How to Thrive at Craft Fairs and Festivals

How to Thrive at Craft Fairs and Festivals

Laura Laura
8 minute read

When I saw Sarah James present at Design Your Career last October, I couldn't pass up the chance to ask her to share her experience with craft fairs. Sarah is the Director of The Contemporary Craft Festival and Crafty Magazine's new business columnist.

She has a degree in ceramics and was a maker before she started organizing big craft fairs over ten years ago, so she has seen the business from both sides. 

Here she answers some of your questions about craft fairs and shares her advice for making the most of your investment in the event.

I am progressing from craft fairs with tables to a bigger show with a booth-style stand. What will the main differences be that I need to consider?

The first difference you will find is the cost of the stand. Bigger shows use a "shell scheme" (wall panels) with additional lighting and accessories. Some shows include a standard package to which you can add electric sockets, fans, and extra lighting. 

You can even rent tables, chairs, and cabinets, which though convenient, can add considerably to the cost of the event. 

Prices will vary dramatically! And don't forget to factor in your accommodation costs and public liability insurance. All reputable shows will expect you to be fully covered.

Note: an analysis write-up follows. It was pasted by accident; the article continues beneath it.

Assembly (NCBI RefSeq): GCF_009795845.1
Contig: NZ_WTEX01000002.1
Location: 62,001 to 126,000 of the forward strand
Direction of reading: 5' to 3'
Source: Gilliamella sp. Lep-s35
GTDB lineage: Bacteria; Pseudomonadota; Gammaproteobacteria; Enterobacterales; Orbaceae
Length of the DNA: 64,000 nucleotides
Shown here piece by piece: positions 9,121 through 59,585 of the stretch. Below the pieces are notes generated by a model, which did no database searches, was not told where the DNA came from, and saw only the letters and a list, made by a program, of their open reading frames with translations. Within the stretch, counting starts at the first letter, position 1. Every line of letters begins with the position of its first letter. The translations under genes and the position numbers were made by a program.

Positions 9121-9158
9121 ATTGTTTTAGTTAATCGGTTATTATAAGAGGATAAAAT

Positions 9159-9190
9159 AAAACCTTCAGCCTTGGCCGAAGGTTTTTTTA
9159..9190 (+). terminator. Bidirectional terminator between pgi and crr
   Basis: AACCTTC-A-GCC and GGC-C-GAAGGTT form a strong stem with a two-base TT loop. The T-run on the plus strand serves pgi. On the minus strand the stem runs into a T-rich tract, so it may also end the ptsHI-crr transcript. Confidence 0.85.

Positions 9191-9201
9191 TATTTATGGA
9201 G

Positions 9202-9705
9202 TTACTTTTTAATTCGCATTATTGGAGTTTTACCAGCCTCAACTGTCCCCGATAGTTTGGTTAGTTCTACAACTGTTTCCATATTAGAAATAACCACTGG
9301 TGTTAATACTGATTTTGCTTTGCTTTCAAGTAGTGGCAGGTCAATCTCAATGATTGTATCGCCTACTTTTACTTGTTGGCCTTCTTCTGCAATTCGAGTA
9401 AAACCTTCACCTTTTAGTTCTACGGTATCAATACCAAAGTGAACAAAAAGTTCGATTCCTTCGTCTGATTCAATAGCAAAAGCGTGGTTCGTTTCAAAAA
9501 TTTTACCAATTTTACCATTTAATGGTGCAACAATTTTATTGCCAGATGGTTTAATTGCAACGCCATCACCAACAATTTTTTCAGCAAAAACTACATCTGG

Do your research. 

First, visit shows that you've heard are good and decide if you think your work would fit in. Usually, bigger shows have a selection process, some are more stringent than others, and the application deadlines are often six months before the event. 

For example, if you consider applying for The Contemporary Craft Festival or Made by Hand, you will need to produce six excellent images of your work for the selection panel. 

Make sure you sign up for newsletters from the show you like, and they will usually remind you when the deadlines are looming.

Good images are the key to your success. Without good pictures, you will not get accepted into good shows, and it is worth getting professional images taken. 

I cannot stress how important good pictures are to the success of your business. They are VITAL! They can be used for applications, sending to the press, and selling your work online.

You also have to consider whether you can make enough stock to fill your stand, cover your stand costs, and make a healthy profit. 

There is little point in booking a $600 stand if you only have $500 worth of stock to sell. You have to put your business head on and think, "how much can I make, and what is my profit after all costs?"